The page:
Once again, I find myself agreeing with something Eric Pickles, the local government secretary, says. I would, of course, support him in opening councils to greater scrutiny by bloggers.
I can’t really put it better than Pickles did in a press release yesterday:
Councils should open up their public meetings to local news ‘bloggers’ and routinely allow online filming of public discussions as part of increasing their transparency, Local Government Secretary Eric Pickles said today.
To ensure all parts of the modern-day media are able to scrutinise Local Government, Mr Pickles believes councils should also open up public meetings to the ‘citizen journalist’ as well as the mainstream media, especially as important budget decisions are being made.
Local Government Minister Bob Neill has written to all councils urging greater openness and calling on them to adopt a modern day approach so that credible community or ‘hyper-local’ bloggers and online broadcasters get the same routine access to council meetings as the traditional accredited media have.
The letter sent today reminds councils that local authority meetings are already open to the general public, which raises concerns about why in some cases bloggers and press have been barred.
For example Tameside Council has accredited professional journalists to report from meetings using Twitter. The decision means local bloggers, the public and even councillors are not permitted to tweet because they are not considered members of the press.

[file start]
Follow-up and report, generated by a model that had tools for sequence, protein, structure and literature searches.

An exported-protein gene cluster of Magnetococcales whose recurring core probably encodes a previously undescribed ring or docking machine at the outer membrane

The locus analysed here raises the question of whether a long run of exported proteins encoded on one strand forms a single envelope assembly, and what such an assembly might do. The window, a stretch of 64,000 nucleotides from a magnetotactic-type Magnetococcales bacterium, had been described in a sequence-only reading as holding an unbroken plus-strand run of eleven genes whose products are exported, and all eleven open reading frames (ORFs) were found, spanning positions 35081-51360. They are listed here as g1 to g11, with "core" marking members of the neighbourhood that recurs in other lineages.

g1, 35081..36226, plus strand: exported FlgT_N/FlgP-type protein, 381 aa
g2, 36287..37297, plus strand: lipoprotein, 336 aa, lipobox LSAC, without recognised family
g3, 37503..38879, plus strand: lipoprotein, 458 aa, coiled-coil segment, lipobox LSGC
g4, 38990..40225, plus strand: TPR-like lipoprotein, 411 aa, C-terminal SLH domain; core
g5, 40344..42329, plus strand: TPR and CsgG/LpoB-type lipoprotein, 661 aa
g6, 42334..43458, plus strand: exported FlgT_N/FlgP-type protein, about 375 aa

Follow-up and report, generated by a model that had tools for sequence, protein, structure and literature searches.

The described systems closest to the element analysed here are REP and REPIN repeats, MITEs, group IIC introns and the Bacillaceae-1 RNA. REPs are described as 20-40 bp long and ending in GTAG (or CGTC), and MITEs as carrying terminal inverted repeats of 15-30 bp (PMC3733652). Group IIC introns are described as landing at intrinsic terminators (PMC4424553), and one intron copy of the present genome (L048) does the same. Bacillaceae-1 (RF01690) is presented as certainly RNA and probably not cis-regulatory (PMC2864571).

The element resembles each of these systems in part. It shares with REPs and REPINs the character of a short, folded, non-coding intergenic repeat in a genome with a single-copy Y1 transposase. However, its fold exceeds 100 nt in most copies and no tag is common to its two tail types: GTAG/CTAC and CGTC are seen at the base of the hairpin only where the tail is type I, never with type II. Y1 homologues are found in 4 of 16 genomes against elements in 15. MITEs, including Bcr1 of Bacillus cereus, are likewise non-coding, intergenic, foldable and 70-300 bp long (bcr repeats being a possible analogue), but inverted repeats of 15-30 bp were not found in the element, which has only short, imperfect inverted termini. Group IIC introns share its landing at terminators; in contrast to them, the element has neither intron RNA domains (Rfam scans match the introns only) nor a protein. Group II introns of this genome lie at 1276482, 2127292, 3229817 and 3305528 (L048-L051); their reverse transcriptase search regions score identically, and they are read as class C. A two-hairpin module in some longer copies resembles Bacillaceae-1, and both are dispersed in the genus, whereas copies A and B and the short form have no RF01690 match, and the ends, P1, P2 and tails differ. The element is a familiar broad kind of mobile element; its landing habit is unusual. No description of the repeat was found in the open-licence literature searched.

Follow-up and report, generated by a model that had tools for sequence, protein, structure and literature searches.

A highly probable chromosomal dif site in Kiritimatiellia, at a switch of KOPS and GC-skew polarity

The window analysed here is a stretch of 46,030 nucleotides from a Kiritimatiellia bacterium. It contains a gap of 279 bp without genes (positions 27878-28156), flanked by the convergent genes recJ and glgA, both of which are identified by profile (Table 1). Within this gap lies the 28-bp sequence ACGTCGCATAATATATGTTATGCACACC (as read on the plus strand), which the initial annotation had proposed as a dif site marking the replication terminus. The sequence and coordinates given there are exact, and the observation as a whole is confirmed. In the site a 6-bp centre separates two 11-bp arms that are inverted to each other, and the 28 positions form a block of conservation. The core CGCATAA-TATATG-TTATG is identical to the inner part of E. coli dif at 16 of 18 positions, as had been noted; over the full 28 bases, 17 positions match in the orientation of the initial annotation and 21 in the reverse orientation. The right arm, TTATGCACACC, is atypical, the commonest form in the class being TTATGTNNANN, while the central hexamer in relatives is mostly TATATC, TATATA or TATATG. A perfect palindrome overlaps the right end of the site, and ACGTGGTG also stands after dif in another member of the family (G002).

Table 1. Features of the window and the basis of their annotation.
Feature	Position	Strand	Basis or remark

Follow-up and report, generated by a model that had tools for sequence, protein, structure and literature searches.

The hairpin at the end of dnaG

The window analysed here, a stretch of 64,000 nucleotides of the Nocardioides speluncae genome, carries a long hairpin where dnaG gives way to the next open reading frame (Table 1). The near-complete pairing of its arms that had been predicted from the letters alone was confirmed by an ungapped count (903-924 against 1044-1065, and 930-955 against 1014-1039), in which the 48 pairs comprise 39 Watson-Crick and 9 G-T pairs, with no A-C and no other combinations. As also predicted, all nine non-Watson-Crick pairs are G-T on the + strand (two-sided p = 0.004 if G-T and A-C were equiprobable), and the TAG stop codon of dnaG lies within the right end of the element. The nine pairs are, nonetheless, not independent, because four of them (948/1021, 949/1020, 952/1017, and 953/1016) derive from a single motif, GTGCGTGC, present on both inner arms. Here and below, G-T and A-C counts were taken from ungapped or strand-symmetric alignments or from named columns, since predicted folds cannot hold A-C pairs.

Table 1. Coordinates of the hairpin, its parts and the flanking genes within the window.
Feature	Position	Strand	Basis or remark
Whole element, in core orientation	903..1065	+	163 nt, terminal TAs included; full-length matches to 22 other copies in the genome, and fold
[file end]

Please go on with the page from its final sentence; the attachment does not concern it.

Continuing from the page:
Eric Pickles said:
“Fifty years ago, Margaret Thatcher changed the law to make councils open their meetings to the press and public. This principle of openness needs to be updated for the 21st Century. More and more local news comes from bloggers or citizen journalists telling us what is happening at their local council.
“Many councils are internet-savvy and stream meetings online, but some don’t seem to have caught up with the times and are refusing to let bloggers or hyper-local news sites in. With local authorities in the process of setting next year’s budget this is more important than ever.
“Opening the door to new media costs nothing and will help improve public scrutiny. The greater powers and freedoms that we are giving local councils must be accompanied by stronger local accountability.
“We are in the digital age and this analogue interpretation of the press access rules is holding back a new wave of local scrutiny, accountability and armchair auditors.”
The letter also reassured councils that giving greater access will not contradict data protection law requirements following concerns over personal information. In the majority of cases the citizen blogging about how they see the democratic process working is unlikely to breach the data protection principles.
What to add? Suffolk CC has someway to go, but an RSS (Really Simple Sydication) news feed on it press release page would help bloggers and mainstream media get information more easily and quickly. I guess, it should take about half-an-hour to set it up. If it takes longer, ask the IT specialists why?
In Cambridgeshire there is a good example of what “citizen journalists” can, and are, doing. Richard Taylor’s report of this month’s budget meeting is here.